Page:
The Ckickitick have been asking a lot of questions about your species generation of power. Essentially they are baffled why you have not yet harnessed the almost unlimited power of your own star and instead chew through natural resources like a narcissist on crack. We really had no explanation for them other than that you seem to be a bit developmentally disabled, operating at an emotional level far below your chronological age. Why if the Tlarians had not intervened in that missile thing you were involved in a while back you most likely would be back sharpening sticks on concrete rubble. Those of you who survived that is. It’s a good thing the Tlarians like rum. Regardless, off we go.
Ninth City Burning, J. Patrick Black, Ace, ISBN 978-1-101-99146-6, $16.00, 536 pgs.
Okay, so this appears to be set in your far future after your world has been ravaged by the attacks of an alien race (we did not recognize them) which left very few of you left. However, you have managed to find certain individuals of your species who are able to harness the power the aliens use and you have been fighting back. We have to say, if we were ever going to attack a planet, and we are not sure why we would since planets are everywhere and most are uninhabited, but maybe this is something to do with your needing to feel like you are the shiny penny in the universe, that we would just finish the job and not leave anyone left. In any way, this is about how you fight back against insurmountable odds even though you don’t understand much and barely have two sticks to rub together. It was okay done but not something that we would bring with us anywhere. You are so warned.
Waking Gods, Sylvain Neuvel, Del Rey, ISBN 978-1-101-88672-4, $28.00, 324 pgs.
This work is a follow up to Sleeping Giants. We liked Sleeping Giants. We liked this one too. It is about giant robots so we had to send Klaarg shopping—to Ix—for snacks. Many Good snacks on Ix. While he was gone we read through this. While there are many species that build and use robots, none of them do so in a giant fashion. It’s just not efficient. Even the giant species do not do this. But this is not about what is real it is about what you believe. It is almost as if you have to believe one unreality thing a day. So, sure, giant robots. This time the giant robot that you have discovered and learned how to work has company. More giant robots. From space, at least that is what you believe since they just kind of appear. And they don’t do anything, at least until you surround one with tanks and your military and then things go south. We are not quite sure we understand the genesis of this going south but sure, giant robots. The robots fight and one of them wins and then more giant robots show up. It’s a feedback loop apparently. Any case we enjoyed this all the way through and thought that the presenting of information was done in a very deft and entertaining fashion. You should see for yourself.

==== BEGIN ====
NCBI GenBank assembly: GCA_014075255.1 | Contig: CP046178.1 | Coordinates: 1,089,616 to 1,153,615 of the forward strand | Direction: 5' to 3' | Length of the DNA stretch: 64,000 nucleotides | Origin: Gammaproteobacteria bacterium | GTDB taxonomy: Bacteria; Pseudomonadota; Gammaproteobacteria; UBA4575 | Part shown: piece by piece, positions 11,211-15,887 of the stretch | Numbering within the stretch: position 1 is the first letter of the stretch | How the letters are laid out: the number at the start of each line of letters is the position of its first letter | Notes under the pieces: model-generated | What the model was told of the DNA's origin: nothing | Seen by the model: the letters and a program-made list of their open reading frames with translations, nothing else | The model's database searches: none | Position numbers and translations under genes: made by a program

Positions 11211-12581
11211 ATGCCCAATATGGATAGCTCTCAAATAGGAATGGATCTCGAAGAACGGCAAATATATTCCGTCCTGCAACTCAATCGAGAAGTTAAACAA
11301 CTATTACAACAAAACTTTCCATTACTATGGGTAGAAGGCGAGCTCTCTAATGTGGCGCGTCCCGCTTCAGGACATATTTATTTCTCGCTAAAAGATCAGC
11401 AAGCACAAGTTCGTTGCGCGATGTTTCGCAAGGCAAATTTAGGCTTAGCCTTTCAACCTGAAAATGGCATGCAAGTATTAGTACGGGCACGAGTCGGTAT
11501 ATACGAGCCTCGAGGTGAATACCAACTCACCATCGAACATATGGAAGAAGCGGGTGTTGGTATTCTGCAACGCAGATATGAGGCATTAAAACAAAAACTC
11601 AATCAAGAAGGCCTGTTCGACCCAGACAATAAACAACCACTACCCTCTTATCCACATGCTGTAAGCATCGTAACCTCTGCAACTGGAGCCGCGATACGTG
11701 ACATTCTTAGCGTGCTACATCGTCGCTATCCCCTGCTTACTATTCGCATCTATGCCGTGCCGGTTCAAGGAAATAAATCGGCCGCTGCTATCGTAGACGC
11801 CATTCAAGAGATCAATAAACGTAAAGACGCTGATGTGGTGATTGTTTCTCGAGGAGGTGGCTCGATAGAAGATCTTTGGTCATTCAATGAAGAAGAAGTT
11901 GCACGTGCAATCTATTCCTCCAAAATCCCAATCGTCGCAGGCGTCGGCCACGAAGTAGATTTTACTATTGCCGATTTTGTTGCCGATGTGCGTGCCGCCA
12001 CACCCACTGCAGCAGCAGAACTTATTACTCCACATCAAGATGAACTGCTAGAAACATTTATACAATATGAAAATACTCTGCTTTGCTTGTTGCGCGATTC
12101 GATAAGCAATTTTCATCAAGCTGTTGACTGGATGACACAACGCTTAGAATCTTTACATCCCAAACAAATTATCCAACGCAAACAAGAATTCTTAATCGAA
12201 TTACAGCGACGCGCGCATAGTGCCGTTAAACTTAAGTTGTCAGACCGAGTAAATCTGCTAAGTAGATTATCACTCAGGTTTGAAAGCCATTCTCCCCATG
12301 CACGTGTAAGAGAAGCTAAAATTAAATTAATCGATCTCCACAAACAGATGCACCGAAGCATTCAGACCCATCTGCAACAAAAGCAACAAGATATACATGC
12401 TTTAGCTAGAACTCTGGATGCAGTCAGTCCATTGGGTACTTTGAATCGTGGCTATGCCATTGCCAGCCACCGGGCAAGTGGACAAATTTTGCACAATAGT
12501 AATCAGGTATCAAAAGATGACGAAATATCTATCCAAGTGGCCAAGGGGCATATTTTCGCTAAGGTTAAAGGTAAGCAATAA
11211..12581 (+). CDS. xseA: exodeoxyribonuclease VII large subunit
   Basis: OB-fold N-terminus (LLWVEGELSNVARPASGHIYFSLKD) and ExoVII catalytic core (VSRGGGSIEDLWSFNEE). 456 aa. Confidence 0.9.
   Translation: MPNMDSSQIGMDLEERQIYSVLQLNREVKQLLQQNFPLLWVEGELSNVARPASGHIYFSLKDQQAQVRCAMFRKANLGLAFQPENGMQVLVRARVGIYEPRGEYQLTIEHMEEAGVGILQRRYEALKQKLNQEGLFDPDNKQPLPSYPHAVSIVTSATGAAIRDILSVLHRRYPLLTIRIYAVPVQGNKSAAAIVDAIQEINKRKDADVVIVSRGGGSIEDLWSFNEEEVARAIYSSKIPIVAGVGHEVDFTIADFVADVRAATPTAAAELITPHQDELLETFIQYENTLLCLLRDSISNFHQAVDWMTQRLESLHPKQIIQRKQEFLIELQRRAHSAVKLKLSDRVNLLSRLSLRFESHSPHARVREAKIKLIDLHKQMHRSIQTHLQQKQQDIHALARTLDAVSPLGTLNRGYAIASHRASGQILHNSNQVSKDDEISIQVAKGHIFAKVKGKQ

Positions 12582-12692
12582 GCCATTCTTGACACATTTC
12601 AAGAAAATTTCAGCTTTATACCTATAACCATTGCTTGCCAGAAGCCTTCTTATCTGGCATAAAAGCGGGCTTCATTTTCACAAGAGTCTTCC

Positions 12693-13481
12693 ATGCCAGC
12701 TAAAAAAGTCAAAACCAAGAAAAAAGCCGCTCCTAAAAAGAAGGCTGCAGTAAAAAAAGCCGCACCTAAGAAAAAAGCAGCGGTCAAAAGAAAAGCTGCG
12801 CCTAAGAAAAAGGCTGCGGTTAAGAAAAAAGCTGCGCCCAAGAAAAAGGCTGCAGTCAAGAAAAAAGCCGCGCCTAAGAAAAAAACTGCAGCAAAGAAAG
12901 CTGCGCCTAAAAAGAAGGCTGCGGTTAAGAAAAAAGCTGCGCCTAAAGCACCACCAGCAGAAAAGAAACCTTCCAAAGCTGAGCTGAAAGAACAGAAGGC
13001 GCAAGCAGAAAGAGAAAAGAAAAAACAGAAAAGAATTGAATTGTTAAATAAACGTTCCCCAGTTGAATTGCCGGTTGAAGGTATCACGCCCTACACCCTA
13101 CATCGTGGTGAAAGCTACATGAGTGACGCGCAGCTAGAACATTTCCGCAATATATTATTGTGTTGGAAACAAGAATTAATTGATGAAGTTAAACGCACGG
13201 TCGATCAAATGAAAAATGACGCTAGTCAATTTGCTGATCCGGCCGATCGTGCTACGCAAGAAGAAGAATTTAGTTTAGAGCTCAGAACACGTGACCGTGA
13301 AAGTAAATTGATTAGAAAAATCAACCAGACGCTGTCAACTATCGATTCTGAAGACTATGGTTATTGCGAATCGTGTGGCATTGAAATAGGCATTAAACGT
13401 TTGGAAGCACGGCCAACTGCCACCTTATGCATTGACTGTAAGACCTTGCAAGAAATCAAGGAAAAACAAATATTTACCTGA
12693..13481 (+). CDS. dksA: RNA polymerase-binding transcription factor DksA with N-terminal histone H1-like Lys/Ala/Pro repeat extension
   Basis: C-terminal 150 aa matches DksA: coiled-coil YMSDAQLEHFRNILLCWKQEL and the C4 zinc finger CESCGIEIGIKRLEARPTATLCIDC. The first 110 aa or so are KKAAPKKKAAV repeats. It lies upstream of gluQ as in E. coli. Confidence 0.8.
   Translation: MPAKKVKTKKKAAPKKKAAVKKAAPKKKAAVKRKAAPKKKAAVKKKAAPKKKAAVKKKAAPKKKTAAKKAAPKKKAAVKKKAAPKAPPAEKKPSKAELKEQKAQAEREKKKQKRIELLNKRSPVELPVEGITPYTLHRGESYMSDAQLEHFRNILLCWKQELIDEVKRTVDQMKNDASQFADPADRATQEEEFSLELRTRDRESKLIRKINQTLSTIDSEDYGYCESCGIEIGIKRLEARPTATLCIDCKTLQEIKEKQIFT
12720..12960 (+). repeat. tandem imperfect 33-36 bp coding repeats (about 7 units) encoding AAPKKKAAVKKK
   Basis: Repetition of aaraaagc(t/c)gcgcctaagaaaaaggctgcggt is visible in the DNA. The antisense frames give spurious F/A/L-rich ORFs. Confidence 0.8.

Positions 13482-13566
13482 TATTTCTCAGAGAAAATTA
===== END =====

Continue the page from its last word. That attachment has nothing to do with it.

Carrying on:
A Lit Fuse, the Provocative Life of Harlen Ellison, Nat Segaloff, NESFA Press, ISBN 978-1-61037-323-4, $35.00, 448 pgs.